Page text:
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Introducing Character Evidence
An Interview with James Fleming
by Gila Hayes
Introduction: Court admissible evidence has taken center stage in many of this publication’s Attorney Question columns. One question not addressed in print often comes up during quieter, personal inquiries by members and candidates for membership who wonder to what extent incidents from the past may affect the chances of being acquitted of murder or manslaughter charges if one who has lived a clean life in recent years has to use deadly force in self defense.
With Network Advisory Board James Fleming’s 30-year career as a criminal defense attorney, it was natural to turn to him with questions about the lingering issue of past bad acts and the related question of admissibility of character evidence to suggest an armed citizen is guilty of a crime of violence. We switch now to our familiar Q & A format, and ask Fleming to address this complex topic.
eJournal: Some of today’s best citizens have turned their lives around but have histories of past illegal violence. Is there a time line after which one’s past isn’t considered relevant to whether current acts constitute a violent crime or self defense?
Fleming: Gila, this is a very difficult question to answer accurately, because the rules vary so much from state to state, and in the Federal courts. Under the Federal Rules of Evidence, for example, a conviction that is over ten years old can only be used under certain limited circumstances, and an analysis must be done to determine whether the probative value of the evidence substantially outweighs its prejudicial effect.
by Marty Hayes, J.D.
NRA Board of Directors
The ballots for the National Rifle Association Board of Directors election have arrived in the NRA membership magazines. I will be voting for the following candidates for election to the Board of Directors.
Adam Kraut, Esq.
Timothy Knight, currently on the NRA Board
Il Ling New
Wayne Anthony Ross, Network member, currently on the NRA board
Owen “Buz” Mills, currently on the NRA Board
This is my personal opinion; it is not an official endorsement from the Network. But, since this is an opinion column, knowing whom I am voting for to set policy for the NRA might be of some interest to our members and guest readers.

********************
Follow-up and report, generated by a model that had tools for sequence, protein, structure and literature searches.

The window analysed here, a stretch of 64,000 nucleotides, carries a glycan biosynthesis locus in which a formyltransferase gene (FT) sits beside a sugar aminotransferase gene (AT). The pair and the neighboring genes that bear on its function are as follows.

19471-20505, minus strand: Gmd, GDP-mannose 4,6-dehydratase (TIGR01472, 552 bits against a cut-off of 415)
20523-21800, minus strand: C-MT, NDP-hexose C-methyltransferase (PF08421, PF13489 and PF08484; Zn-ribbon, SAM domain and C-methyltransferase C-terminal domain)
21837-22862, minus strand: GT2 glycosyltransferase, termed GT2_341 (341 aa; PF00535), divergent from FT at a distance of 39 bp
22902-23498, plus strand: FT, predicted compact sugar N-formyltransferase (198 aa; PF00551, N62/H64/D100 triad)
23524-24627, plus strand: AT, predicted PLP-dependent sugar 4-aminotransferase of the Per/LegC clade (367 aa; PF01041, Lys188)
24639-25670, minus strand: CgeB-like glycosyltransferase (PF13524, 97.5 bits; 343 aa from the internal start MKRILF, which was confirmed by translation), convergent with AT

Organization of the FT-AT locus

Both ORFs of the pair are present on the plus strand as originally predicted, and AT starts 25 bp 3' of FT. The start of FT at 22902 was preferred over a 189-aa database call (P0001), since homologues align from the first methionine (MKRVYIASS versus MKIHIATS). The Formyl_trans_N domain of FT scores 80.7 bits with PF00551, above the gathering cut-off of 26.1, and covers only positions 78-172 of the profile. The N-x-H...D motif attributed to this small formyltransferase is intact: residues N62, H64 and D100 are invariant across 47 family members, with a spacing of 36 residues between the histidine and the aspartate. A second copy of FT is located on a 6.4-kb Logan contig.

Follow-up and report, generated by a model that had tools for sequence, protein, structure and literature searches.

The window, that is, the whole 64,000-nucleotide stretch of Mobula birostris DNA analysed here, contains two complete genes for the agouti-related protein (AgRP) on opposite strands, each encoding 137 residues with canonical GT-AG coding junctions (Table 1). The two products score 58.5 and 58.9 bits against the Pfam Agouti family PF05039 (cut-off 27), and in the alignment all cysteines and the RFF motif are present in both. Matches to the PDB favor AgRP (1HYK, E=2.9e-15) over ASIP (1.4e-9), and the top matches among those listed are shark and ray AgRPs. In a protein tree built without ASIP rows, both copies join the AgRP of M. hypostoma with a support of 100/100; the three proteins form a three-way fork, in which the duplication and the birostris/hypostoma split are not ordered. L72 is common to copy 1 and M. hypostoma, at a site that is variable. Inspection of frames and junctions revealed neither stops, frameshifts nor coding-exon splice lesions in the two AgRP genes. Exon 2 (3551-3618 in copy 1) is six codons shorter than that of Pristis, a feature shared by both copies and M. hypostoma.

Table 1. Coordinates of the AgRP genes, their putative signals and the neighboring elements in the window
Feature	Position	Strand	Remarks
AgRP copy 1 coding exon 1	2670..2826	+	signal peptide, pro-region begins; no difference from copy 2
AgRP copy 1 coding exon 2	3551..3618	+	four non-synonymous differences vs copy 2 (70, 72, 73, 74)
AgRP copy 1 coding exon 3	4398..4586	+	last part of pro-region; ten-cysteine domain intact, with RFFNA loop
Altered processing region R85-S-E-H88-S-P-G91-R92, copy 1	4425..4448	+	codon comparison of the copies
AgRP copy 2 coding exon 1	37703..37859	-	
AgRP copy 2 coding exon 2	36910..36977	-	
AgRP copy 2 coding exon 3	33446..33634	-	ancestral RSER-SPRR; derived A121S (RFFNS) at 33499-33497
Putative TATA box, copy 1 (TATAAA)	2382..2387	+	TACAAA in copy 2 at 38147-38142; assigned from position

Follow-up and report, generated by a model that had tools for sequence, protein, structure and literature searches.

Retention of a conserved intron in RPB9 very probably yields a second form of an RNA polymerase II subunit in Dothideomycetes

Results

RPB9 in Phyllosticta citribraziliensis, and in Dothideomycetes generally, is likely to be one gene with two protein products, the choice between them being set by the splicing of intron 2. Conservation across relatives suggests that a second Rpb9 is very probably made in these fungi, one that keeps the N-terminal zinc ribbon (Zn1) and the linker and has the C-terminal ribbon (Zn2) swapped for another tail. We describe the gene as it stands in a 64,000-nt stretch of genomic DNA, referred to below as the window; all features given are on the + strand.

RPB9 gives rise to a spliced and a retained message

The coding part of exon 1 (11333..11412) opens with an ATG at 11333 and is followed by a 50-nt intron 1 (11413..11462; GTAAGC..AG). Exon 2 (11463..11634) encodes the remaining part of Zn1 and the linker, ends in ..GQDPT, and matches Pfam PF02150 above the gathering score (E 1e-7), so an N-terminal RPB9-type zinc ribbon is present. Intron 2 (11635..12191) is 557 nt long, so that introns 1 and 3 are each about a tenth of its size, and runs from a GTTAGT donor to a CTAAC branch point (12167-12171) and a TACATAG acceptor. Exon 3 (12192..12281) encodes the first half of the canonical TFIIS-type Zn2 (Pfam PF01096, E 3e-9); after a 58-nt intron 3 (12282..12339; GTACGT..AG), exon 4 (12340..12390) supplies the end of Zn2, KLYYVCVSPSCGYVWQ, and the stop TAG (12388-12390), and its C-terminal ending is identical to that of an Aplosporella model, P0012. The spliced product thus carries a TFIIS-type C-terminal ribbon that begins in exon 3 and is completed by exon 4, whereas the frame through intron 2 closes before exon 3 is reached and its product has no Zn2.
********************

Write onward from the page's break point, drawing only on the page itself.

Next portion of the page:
Attorney Question of the Month
This discussion with our Network affiliated attorneys is based on a hypothetical scenario: An armed citizen is arrested after use of force in self defense and his or her state-issued license to carry a concealed handgun is revoked. We asked our Affiliated Attorneys to comment on the following:
1) If charges are dropped before trial, in your state what is involved in getting the citizen's license to carry reinstated?
2) How (if at all) does that differ from pursuing carry license reinstatement after defending self defense in a trial and being found “Not Guilty?”
Weisman Law Firm LLC
25 Central Ave., Waterbury, CT 06702-1202
First – we assume for this question that an appeal of the revocation was requested timely. If it was not, they need to reapply because the revoked permit is closed out after the permit revocation appeal period closes.
News from our Affiliates
by Josh Amos
Well, folks, 2018 is off and running. It looks like this year will be better than ever for all of the members and affiliates who make up the Armed Citizens’ Legal Defense Network.
This past year we have really been pushing our armed citizens’ affiliate coupons out to all of our affiliated instructors. The coupons give new members a little discount on their first-year dues and work hand in hand with our Foundation’s booklet What Every Gun Owner Needs to Know About Self Defense Law, to bring trained armed citizens into the Network. Since each coupon is individually coded, so they also help us identify the affiliates who are working extra hard to promote the Network. Some affiliates operate in sparsely populated regions and I find it very satisfying to see even our smaller-volume affiliates getting recognized by new members who use the coupon when they join.
Concealed Carry Vol. 2
By Massad Ayoob
8x10 soft-bound, 255 pages, B&W illustrated
$29.99 at https://www.gundigeststore.com/product/gun-digest-book-concealed-carry-volume-ii/
Reviewed by Gila Hayes
Five years ago, we eagerly reviewed Massad Ayoob’s first volume of the Gun Digest Book of Concealed Carry in this electronic journal. It taught us as much about “why” we carry concealed handguns as “how”—different ways to do it, to name only a few high points, and we gave it top recommendations. Of course, it contained plenty of instruction about guns, various calibers, different types of holsters, and a great variety of related topics. Who but Massad Ayoob, 60-some years into his experience carrying guns for personal defense, could find more to update, highlight and explain?
Everything but the Kitchen Sink
by Gila Hayes
If you were buying a gun (something most of us have done multiple times, so this is a shared experience), would you go for the Old Reliable Basic Blaster that has been serving serious gun buyers for ten years, with a price tag of $525? It is just a plain-jane, rock-solid pistol without many frills. Would you instead fork out $800 for a sleek, brightly chromed Herferdorfer Mark II model that offered several color schemes and different patterns and artwork on the grip panels from which to choose?